Then comes a slave rebellion... And what happens then? As Tom Hanks, in one of his incarnations, tells us, summing up the movie’s point of view: “Our lives are not our own. We are bound to others, past and present. And by each crime and every kindness, we birth our future.”
One specific lesson of Neo-Seoul is that transformative technology must always be tethered by ethics and morals--and simple human decency. And yet, sadly, that’s a lesson easier to preach than to practice. Indeed, in the film, another lesson comes clear: New technology, including biotechnology, is coming. So what to do in the face of this technological onslaught? That is the question.
And this question is underscored by what we can see so far of “True Skin.” That four-minute video is soon to be a major motion picture, and so we will all get a chance to see how one energetic imagination foresees the next few decades.
“True Skin” covers some of the same territory as “Cloud Atlas”--the bold new world of biological wonder-working. In “True Skin,” set somewhere in the relatively near future, the plastic surgeries and prosthetics of today have been superseded by mass-produced manufactured body parts--legs, arms, eyes, faces--that can be quickly added to a living body.
So people can not only hide their identity, but also improve their well-being and longevity. This bio-enhancing doesn’t seem to be entirely legal; perhaps that’s why the central character is on the run in the back alleys of Bangkok.
And yet as the character explains, “This trend is here to stay. I mean, let’s face it ... no one wants to be entirely organic. No one wants to get sick and old and die. My only choice was to enhance.”
The idea of bio-enhancement is restricted by heavy cultural and legal taboos, and rightfully so. And yet at the same time, many feel the lure to improve on what nature has given to us--or what time threatens to take away. Is there anything wrong with dentures? Or a heart pacemaker? Or a hip replacement?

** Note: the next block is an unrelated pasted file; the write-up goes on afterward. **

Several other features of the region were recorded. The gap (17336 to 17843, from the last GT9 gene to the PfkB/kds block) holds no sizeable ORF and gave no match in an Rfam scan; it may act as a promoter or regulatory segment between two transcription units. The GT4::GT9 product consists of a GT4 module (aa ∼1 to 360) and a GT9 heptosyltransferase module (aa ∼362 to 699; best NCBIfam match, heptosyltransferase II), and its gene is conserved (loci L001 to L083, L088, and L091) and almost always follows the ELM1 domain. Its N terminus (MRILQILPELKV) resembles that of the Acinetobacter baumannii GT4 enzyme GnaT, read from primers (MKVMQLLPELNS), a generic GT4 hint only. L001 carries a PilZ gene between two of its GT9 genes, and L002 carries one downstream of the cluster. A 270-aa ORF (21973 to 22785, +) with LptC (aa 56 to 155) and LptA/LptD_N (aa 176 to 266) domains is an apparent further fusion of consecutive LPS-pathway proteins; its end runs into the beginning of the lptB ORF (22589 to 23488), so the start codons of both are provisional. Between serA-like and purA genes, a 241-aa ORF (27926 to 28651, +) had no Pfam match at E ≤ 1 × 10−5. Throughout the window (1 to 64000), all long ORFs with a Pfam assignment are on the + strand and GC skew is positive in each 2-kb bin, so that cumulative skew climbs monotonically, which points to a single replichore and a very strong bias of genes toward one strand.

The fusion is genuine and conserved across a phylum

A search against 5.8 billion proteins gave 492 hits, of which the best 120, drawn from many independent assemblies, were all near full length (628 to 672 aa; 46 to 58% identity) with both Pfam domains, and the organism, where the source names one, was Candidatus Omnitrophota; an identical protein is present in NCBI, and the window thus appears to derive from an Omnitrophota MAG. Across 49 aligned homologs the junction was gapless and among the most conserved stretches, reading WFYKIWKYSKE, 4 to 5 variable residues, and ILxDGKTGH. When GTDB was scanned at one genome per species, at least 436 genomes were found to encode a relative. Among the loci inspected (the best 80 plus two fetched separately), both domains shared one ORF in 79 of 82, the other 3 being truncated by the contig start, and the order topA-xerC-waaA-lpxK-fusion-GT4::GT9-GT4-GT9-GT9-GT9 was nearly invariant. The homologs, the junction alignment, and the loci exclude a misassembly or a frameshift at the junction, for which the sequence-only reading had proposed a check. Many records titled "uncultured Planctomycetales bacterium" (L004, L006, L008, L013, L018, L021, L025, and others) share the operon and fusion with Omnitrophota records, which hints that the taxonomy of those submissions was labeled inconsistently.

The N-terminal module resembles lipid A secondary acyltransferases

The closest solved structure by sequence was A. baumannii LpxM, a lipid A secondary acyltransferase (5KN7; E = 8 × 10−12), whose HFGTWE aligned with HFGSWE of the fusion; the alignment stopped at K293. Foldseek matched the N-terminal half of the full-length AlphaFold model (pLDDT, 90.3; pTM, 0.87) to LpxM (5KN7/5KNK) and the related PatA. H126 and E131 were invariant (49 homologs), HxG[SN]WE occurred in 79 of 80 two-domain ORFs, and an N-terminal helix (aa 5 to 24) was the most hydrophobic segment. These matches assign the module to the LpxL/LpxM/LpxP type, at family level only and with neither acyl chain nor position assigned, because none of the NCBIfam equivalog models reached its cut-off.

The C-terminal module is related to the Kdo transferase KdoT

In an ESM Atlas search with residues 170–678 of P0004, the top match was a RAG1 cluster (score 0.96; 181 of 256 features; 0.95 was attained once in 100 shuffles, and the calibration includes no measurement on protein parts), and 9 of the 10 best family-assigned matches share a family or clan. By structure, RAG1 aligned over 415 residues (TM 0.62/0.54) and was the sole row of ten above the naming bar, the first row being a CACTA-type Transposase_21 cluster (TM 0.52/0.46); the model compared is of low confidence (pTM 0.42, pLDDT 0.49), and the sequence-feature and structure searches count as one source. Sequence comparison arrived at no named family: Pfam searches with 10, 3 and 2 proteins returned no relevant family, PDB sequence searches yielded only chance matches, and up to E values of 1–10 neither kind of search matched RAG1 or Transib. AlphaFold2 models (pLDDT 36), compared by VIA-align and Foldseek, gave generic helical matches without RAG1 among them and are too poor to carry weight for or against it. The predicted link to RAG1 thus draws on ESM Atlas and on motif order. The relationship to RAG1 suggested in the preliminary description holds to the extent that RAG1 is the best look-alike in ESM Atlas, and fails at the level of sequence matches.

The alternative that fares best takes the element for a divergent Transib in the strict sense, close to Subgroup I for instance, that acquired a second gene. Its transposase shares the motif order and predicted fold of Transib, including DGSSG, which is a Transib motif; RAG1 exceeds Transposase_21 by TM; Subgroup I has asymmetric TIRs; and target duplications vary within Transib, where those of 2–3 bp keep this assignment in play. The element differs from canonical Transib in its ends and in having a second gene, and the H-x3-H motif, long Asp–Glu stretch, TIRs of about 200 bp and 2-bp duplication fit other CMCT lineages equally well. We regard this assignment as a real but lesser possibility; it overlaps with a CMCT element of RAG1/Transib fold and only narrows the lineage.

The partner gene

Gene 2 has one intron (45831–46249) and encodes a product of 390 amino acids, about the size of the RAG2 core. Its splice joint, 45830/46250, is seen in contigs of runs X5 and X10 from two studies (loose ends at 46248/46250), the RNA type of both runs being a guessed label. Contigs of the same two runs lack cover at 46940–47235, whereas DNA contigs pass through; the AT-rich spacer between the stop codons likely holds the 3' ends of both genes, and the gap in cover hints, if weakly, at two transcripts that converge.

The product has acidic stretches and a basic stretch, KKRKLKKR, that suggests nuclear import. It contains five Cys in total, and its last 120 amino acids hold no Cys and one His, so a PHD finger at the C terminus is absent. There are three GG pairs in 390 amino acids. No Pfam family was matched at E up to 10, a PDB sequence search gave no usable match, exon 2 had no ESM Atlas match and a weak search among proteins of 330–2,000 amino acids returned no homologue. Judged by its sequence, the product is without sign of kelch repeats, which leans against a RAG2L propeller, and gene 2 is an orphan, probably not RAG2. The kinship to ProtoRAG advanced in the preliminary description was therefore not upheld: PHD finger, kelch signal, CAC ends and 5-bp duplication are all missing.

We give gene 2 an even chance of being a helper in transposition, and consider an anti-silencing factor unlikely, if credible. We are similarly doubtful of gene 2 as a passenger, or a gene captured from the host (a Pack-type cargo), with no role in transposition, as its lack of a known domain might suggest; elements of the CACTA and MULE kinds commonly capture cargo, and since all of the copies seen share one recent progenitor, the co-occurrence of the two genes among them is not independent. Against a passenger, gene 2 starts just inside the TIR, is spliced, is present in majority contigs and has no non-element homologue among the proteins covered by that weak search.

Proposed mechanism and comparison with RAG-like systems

And if the answer to those questions is “nothing,” then fast-moving science poses another question: Where, if anywhere, do we draw the line, as technology and capitalism combine to create new products?
How do we continue to improve the lot of humanity, while not creating a new race of Frankensteins? Moreover, just as we don’t want to create future cyborg tyrants above us, neither do we want to create a new race of slaves below us.
So while “True Skin” is fiction, the trendlines it points to are very real: Today, people are continuously inventing the reinventing of the human body, and while various practices might be outlawed here and there, they might well be legal over there--in, say, South Korea or Thailand. We just don’t know what’s coming next, and in a world in which futuristic technology is widely distributed, we never really will know--until it hits us, for better or for worse.
Yet out all that new technology--differentially understood and differentially received--will inevitably emerge new, and perhaps savage, inequalities.
For now, we can say that it would be wonderful if the benefits of medical research could become the common property of all humanity--that’s a hopeful “Cloud Atlas”-type thought.
By contrast, the bleaker “True Skin” puts on notice: The future is coming, ready for it or not.
The dream of science-based physical and medical transcendence will never be denied, for as long as people are human--and probably after that, too.